PU president discusses plan for expansion

Implications of growth for campus life, academics and diversity concern students.

By: Jessica Stahl
   Princeton University’s decision to expand the size of its student body in the coming years emerged as the main issue of concern for both students and administration in a conversation on the university’s future led by President Shirley Tilghman on Monday.
   President Tilghman, in the first of what she said would be a number of informal public forums, primarily addressed future goals for campus planning and expansion to accommodate the growing undergraduate student body. The forum took place in McCosh Hall.
   Though she acknowledged the campus would have to expand in the future, President Tilghman reaffirmed the principle that Princeton should remain a "walkable campus."
   "We will not move to the other side of the lake (Lake Carnegie) with university buildings," President Tilghman told an audience of about 75 students and faculty members.
   President Tilghman said she plans to use the land across the lake to construct parks and arboretums for the university community and the Princeton community at large.
   President Tilghman also stressed the administration’s commitment to campus beauty in future construction projects. She said there are plans to tear down the buildings of Butler residential college, largely regarded by students as one of the ugliest areas on campus, as soon as the new Whitman residential college is completed.
   "It is important that we see ourselves as patrons of great architecture," she said.
   While President Tilghman stressed the logistical concerns of expansion, students expressed more concern over the implications for social life, academics and campus diversity. In each case, the president emphasized the university’s commitment to studying and pursuing the issue, though she did not offer detailed plans for doing so.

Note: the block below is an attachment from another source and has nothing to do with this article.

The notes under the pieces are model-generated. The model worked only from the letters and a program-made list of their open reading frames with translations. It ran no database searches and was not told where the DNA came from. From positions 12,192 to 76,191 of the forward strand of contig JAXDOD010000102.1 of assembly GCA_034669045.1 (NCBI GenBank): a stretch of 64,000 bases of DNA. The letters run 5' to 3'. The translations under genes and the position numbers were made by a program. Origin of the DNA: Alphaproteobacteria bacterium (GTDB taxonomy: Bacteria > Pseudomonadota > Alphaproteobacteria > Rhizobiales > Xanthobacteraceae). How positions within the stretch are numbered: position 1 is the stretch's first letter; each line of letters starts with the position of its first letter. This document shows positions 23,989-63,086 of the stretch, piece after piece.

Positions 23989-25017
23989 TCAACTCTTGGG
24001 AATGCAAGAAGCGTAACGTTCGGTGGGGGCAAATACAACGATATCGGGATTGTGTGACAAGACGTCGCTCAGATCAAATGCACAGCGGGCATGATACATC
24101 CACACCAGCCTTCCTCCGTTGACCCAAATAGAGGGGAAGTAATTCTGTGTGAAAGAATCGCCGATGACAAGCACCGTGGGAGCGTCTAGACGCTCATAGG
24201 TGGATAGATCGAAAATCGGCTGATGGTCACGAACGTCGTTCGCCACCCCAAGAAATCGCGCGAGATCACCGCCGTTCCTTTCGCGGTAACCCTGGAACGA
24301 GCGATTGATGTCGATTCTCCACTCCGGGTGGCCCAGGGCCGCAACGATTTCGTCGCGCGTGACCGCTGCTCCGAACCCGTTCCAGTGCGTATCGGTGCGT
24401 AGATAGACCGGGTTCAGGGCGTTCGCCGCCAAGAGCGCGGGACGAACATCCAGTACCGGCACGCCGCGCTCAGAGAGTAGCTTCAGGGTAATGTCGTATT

A graduate student questioned if the increase in the undergraduate student body would mean a similar increase in the graduate student body. Graduate students currently serve as preceptors for undergraduate lecture courses, teaching small groups of students once a week as a supplement to lectures.
   "You don’t increase the number of graduate students simply because you need more preceptors," President Tilghman replied. She did not address where the needed preceptors would come from.
   President Tilghman also responded to student concerns about the university admissions process, an issue that has recently generated controversy. Harvard, Yale and Stanford universities have switched from binding "early-decision" admissions to nonbinding "early-action" admissions. Princeton has come under scrutiny because, far from making such a change, the admissions department, under new Dean of Admissions Janet Rapelye, accepted about 50 percent of the class of 2008 during the early-decision period, an increase from past years.
   According to President Tilghman, the administration plans to review the admissions process this summer, but she said she supports the university’s current methods.
   "My own bias right now is if you are going to have an early-decision option, our program is preferable to an early-action program," President Tilghman said.
   Monday’s "town meeting," as President Tilghman called it, was her first open forum for students to voice questions or concerns about the university. Though the event did not attract large numbers of students or faculty, those in attendance expressed their appreciation for President Tilghman’s willingness to participate in such a dialogue. On her part, President Tilghman seemed to indicate that she would continue to offer such conversational forums in the future.